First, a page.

Maybe that's why I have a hard time sympathising or having empathy for Liz Emerson. Maybe that's why initially I was so aggressive and wished bad upon Liz Emerson. I'm not trying to toot my own horn or anything like that, but from a young age I've always had a conscience too high for its own good. When I saw people being bullied, I'd go and sit with them and spend time with them, because I knew what it was like to be bullied and outcasted. This is why I felt a very strong connection to Liam's character in Falling Into Place. He was bullied, tried to be nice to others, and just generally tried to stay out of all that teenage angst and drama. He was my favourite character in the whole book, and all I wanted to do was hug him and smoosh his face with cuddles.
And then that's when I realised that Amy Zhang was an amazing writer. Like a little puppet, I was dragged along into a story so realistic that it probably brought something carnal and dark inside of me that has crept into the dark recesses of my mind. It's easy to hate and have no sympathy for these three girls because we've all met them at some point in our life. We've all hated them, wished ill on them, and wonder how they live with themselves.
But this book is about humanity. It's about the fact that humans are humans, and that we make mistakes. This life is one massive trial and error way of learning, and unfortunately, you get those people who just continue to make bad decisions and let that become them. What I personally got away from this book was that the labels we put on other people, and even ourselves, don't mean a thing. Emos, Gays, Populars, Preppy, whatever the tag is...they don't mean anything about a person. A living human being.
That's when Liz Emerson became more human to me, once I saw how Liam saw her. It was like taking off the mask of all the people who have bullied me in my life, or who I did not like because of a label on them that they seemed eager enough to fulfil, and seeing that they are in fact just like me. Fears, deep resentments, uncertainty, doubts. They wake up the same way that I do, and then go to sleep the same way that I do.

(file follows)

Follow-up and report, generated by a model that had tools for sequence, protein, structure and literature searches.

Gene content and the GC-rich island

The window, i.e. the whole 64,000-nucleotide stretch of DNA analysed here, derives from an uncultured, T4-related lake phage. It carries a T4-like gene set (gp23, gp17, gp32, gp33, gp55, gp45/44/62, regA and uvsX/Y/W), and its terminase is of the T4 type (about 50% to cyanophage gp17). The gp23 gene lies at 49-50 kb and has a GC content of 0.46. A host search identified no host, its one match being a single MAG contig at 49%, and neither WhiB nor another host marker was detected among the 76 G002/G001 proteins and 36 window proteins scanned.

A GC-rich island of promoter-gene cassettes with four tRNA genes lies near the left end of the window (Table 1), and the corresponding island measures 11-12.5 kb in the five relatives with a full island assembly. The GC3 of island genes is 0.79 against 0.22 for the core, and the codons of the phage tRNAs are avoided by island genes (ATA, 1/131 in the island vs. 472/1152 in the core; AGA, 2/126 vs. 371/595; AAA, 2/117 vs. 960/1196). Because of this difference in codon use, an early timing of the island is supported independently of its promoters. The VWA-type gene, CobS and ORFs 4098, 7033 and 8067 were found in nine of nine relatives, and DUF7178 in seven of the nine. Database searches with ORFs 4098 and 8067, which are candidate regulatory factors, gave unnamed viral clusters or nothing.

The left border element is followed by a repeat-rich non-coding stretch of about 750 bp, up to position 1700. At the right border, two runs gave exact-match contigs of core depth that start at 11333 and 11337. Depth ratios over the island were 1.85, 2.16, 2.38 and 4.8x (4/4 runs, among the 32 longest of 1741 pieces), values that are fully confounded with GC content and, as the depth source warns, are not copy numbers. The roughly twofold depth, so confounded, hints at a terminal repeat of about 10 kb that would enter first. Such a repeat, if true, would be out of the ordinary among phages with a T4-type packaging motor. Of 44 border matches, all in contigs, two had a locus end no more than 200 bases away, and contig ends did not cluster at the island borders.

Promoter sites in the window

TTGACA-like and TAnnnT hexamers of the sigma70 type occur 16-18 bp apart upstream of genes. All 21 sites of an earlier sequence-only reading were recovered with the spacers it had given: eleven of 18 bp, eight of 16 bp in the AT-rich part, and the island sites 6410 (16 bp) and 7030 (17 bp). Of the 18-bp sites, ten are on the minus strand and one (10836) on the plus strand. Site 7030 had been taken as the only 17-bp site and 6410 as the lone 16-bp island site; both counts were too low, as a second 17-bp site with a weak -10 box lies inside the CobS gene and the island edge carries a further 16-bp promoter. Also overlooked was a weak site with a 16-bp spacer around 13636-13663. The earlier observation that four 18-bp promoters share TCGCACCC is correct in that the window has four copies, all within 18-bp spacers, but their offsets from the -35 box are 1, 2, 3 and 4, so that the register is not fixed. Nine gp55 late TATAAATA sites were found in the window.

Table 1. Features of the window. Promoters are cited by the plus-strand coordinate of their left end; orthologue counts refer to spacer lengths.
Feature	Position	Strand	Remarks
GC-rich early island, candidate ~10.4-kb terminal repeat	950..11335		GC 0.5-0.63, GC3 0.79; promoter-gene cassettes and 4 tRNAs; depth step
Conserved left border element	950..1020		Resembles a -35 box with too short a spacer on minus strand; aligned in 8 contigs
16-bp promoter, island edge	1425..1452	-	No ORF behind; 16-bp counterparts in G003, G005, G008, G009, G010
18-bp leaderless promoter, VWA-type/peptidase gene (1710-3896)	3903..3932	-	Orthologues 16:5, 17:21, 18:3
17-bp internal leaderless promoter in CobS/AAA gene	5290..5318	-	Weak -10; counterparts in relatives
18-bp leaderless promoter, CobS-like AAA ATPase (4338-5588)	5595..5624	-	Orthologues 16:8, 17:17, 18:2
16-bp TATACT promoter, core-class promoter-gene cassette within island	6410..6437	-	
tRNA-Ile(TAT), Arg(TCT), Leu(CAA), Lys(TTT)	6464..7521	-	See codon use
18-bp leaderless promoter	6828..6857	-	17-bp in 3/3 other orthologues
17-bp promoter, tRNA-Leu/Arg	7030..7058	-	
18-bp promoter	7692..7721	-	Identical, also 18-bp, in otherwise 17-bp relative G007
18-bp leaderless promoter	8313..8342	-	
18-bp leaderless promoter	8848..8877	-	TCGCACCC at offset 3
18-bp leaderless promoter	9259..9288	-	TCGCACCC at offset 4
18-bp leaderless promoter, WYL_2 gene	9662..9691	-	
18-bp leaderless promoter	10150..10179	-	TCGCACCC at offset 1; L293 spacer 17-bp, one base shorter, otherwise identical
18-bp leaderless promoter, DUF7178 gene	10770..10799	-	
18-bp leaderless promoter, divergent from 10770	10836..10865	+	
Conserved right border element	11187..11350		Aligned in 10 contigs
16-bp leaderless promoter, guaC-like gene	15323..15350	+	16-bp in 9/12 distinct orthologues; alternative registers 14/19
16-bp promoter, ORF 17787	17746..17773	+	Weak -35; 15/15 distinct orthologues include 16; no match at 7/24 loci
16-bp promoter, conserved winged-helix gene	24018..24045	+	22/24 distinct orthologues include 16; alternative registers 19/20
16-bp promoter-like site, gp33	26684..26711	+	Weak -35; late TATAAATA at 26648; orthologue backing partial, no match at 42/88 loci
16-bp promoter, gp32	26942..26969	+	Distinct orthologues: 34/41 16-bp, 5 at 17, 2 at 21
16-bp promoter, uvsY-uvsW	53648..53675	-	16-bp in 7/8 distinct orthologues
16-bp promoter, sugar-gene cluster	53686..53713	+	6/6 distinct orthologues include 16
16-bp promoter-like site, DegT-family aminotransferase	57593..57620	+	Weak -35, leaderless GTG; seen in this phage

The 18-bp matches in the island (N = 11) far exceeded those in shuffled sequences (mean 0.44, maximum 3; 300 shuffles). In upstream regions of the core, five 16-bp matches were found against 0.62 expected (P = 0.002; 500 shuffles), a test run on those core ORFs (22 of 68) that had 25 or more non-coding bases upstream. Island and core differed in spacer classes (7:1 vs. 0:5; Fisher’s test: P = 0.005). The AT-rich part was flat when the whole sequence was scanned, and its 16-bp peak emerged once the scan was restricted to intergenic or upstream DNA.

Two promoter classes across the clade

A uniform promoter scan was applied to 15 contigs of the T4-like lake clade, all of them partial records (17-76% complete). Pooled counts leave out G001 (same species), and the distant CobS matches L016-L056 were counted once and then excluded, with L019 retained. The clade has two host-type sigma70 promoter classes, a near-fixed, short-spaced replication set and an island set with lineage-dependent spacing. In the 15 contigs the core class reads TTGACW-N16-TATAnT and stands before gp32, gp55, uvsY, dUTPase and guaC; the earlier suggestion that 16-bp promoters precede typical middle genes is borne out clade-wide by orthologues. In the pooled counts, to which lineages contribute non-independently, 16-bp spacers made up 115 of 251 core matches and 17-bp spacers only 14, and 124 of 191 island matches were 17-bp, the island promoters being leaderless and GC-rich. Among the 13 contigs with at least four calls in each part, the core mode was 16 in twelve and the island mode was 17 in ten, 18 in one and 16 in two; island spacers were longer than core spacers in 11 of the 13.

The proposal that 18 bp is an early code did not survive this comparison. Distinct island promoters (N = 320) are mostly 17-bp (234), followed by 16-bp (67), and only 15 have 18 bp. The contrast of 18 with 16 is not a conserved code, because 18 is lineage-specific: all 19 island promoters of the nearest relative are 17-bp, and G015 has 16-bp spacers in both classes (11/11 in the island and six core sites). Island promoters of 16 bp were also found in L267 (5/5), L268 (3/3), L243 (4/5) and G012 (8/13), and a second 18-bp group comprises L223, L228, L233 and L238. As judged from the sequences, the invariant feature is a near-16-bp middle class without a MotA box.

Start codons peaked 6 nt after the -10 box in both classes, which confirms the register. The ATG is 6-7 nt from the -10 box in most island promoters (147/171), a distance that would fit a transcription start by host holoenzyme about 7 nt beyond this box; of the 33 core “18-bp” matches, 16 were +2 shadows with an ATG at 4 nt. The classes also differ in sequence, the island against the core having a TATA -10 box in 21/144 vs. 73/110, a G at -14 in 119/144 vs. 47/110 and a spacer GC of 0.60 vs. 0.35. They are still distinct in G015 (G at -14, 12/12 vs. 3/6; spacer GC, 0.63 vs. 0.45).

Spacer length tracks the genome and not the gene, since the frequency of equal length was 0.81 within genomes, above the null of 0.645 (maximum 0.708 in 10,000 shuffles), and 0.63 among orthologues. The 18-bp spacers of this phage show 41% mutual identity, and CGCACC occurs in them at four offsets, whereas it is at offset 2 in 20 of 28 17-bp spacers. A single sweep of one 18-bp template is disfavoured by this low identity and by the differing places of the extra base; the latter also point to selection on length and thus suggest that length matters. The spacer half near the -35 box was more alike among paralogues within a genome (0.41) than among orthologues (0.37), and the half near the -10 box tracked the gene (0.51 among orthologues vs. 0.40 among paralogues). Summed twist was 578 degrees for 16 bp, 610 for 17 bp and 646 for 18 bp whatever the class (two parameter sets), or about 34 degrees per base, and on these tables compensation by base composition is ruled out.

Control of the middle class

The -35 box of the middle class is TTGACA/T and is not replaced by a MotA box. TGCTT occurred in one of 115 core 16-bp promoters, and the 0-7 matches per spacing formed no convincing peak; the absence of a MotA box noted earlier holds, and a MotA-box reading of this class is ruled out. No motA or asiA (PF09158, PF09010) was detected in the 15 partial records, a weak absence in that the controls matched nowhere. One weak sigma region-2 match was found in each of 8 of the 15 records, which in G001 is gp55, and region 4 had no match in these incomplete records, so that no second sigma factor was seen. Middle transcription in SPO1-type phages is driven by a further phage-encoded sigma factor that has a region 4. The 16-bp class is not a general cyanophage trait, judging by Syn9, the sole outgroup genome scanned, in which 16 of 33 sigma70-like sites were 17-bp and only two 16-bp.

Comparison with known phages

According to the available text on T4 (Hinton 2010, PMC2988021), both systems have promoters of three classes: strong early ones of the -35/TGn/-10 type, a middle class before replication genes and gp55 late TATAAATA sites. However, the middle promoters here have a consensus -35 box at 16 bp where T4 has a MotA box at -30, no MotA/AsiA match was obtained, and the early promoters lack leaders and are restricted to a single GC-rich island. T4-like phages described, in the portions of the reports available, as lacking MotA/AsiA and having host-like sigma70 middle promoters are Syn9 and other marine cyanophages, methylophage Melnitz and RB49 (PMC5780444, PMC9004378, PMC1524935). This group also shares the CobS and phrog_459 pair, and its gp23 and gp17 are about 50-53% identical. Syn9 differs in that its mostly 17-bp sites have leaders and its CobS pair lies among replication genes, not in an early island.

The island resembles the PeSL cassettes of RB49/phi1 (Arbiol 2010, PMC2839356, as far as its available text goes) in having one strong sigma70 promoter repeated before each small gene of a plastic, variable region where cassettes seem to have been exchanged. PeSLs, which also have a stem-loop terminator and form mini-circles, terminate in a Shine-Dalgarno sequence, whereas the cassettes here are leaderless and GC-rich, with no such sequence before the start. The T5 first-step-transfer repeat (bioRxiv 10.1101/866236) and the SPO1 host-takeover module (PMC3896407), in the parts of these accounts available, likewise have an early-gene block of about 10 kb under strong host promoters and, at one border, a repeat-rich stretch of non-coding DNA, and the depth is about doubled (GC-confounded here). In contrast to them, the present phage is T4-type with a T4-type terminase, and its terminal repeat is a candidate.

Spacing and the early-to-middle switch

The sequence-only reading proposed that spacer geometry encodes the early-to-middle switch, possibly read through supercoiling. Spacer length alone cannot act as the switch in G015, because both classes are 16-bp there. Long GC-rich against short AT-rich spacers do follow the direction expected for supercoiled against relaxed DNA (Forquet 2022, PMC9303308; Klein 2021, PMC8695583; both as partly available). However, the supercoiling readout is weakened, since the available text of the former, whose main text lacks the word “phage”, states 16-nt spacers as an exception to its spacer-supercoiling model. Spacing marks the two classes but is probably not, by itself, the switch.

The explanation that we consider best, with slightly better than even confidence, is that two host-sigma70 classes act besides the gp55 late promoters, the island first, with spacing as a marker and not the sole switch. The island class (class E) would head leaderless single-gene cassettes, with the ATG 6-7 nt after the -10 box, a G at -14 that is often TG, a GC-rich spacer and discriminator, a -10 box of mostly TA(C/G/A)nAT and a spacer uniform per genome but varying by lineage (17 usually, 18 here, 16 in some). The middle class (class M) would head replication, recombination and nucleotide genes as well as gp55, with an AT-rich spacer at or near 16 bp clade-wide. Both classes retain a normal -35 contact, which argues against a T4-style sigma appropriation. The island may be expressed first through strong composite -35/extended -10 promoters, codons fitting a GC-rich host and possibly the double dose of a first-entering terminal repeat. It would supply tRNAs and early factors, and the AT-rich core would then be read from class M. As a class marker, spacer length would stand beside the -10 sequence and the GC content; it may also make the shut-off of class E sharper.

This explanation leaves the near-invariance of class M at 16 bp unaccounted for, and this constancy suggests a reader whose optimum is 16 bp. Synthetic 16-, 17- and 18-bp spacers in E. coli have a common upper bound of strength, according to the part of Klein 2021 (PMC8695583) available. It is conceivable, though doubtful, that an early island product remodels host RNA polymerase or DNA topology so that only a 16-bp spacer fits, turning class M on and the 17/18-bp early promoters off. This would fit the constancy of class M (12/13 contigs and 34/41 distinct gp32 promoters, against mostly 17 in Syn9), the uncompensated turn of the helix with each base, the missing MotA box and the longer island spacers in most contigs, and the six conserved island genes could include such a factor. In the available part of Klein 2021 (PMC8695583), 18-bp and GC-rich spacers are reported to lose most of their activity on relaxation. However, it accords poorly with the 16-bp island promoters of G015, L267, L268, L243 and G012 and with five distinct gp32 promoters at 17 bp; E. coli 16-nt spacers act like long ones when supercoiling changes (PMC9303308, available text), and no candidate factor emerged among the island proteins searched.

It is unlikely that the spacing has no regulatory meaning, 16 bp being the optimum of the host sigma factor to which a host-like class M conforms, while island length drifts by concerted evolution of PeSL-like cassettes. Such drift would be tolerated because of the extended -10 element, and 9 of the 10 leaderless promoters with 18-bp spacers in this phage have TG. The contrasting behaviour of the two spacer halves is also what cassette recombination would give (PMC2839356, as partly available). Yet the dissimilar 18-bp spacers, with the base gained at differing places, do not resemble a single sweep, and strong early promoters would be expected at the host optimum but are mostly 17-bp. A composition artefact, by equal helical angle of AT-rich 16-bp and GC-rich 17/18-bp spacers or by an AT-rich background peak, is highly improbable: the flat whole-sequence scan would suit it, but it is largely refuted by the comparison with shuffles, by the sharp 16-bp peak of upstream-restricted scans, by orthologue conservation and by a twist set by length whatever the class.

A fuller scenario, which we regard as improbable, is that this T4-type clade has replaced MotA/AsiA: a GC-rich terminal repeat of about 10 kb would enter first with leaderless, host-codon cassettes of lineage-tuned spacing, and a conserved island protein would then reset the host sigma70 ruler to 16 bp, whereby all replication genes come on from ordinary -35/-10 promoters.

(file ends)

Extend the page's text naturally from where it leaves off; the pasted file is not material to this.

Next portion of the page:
While I did not specifically get FEELS from this book, it did make me take a second glance at the way that I'm living and perceiving other people as. It's like that moment of clarity that just kind of makes you realise how much of a big fat jerk you are.
On the other hand, this book is not a master piece in my eyes. It's one of those novels that affect you, but not for the way that the Author intended to. I thought that only Liam was very well-written, and that the way that Amy Zhang writes is a lot like poetry, or at least has this melody with it that makes it run fluidly.
I quite liked the fact that the Narrator was her imaginary friend, even though I guessed it pretty much before I reached halfway through the book. It was very different, and I haven't personally seen that in any other novels I've read.
I was also not very impressed by the complete melodramatic tone of the book. Granted, these topics are very serious and something to BE melodramatic about...but I think I've read enough books that have that, 'Oh life is so poetical and hard and being truly sad is the real beautiful pain of life' I'm over it. K? Over it. Life is hard, everyone's life is hard.
I like the book because I connected to Liz Emerson in her desire to a simple end...but then again, I don't like the book because of the sheer angst.
I just don't know anymore.
This book is bad and good at the same time, and I'm finding it very difficult to review it. While I want to tear out the pages with my bare teeth...I also want to coddle it and stroke it and say, 'My precciiooouuus' to it...
*Sigh* life is hard. If only I had a mercedes..
In conclusion, I'd rate this book an exact 5...because while I don't hate it, I don't love it either. I'm completely neutral to it...
AGGH BOOKS AND MY EMOOOTIONS.
“She wished to be happy, and fell asleep with an entire sky above her.”
― Amy Zhang, Falling into Place